Similarly, a wheelchair that is “completely compliant with the requirements of ISO 7176-19 (2008) …has been successfully crash tested with a commercial or surrogate 4-point strap-type securement with either a wheelchair-anchored pelvic belt OR a vehicle-anchored three-point belt, meets all design requirements, has successfully passed the securement-point accessibility test, as well as meeting several other requirements.”1  A wheelchair that has been “successfully crash tested to ISO 7176-19 (2008)” has been successfully crash tested as described above, but the wheelchair may not meet all of the design requirements of the standard or may not have completed all of the required tests in ISO 7176-19.”1

Differences between RESNA WC19 and ISO 7176-19

Both the RESNA WC19 and ISO 7176-19 standards require successful performance on a crash test in which the wheelchair is secured to a crash test sled which undergoes a 48 kph, 20-g frontal impact.2 The permitted securement of the wheelchair to the crash test sled differs in that WC19 requires the use of a surrogate four-point strap-type tiedown to secure the wheelchair to the crash sled, while ISO 7176-19 permits the use of either a commercial tiedown or a surrogate tiedown during testing.

Another difference between WC19 and ISO 7176-19 relates to wheelchair-anchored belt restraints.  “WC19 requires that a wheelchair-anchored lap belt be used instead of a vehicle-anchored lap belt in the frontal impact test.  7176-19 allows a wheelchair to provide for, and be crash tested with, a wheelchair-anchored lap belt, or even wheelchair-anchored lap and shoulder belts (as does WC19), but it does not require it.”2

It should be noted that ISO 7176-19 applies to children and adults with a mass of at least 22 kg (48 lbs.)  WC19 applies to wheelchairs designed for children with a mass of 12 kg (26 lbs) or more.  A wheelchair that is designed for children under 23 kg must provide a “wheelchair-anchored five-point harness in order to provide smaller children with comparable protection as that achieved by a child restraint system. This means that a wheelchair that is rated for occupants from 15 kg to 50 kg must provide both a five-point harness and a wheelchair-anchored pelvic belt. ISO 7176-19 does not include this requirement.”2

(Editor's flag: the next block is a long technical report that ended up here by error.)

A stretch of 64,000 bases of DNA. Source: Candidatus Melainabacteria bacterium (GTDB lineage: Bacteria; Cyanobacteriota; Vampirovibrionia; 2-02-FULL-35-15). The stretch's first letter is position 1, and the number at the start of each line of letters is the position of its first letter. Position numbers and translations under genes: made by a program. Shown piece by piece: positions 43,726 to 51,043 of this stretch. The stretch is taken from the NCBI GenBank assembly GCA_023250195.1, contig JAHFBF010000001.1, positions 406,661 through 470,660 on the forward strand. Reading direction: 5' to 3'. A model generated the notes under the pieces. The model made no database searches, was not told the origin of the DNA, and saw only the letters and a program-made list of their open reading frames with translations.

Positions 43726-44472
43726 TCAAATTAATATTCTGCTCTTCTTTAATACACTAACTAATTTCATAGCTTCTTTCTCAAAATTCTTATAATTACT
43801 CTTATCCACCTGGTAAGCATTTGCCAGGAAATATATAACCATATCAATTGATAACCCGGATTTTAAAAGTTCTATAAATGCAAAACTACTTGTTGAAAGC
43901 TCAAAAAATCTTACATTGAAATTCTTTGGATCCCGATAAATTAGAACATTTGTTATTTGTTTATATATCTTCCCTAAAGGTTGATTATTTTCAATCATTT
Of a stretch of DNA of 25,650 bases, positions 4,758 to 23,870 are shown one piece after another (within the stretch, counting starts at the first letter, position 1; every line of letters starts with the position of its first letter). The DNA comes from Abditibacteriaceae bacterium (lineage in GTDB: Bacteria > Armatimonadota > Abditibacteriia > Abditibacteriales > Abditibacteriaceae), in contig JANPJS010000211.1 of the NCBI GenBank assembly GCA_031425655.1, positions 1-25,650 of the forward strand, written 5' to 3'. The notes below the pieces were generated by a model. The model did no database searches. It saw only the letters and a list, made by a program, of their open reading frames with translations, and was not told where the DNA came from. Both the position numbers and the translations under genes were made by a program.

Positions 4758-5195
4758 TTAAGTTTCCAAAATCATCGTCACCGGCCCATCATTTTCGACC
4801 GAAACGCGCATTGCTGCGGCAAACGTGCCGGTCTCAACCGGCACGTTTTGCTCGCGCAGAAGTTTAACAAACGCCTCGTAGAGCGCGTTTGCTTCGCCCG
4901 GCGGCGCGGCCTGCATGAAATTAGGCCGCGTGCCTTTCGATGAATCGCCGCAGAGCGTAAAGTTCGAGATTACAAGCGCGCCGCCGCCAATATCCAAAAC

There are some other differences related to the geometry and placement of securement points on the wheelchair. In addition, there are differences related to the disclosure of lateral stability and turning radius. Also, there are some differences in performance requirements of the frontal impact sled test.2 For example, WC19 specifies that no component or part greater than 150 g should detach from the wheelchair during frontal impact testing, while the limit is 100 g in ISO 7176-19.  In addition, WC19 addresses power wheelchairs, specifying that batteries and electronic components must remain attached or tethered to the battery compartment, while ISO 7176-19 does not address power mobility specifically.2

It is noteworthy that although there are some differences between the standards, “RESNA WC19 (WC19) and ISO 7176-19 were developed together and with significant coordination and correspondence between the Working Group of the RESNA Wheelchair Standards Committee known as the Committee on Wheelchairs and Transportation (COWHAT) and the Working Group 6 of ISO TC73 SC1. In fact, much of the leadership and authorship for the two standards came from the same individuals.”2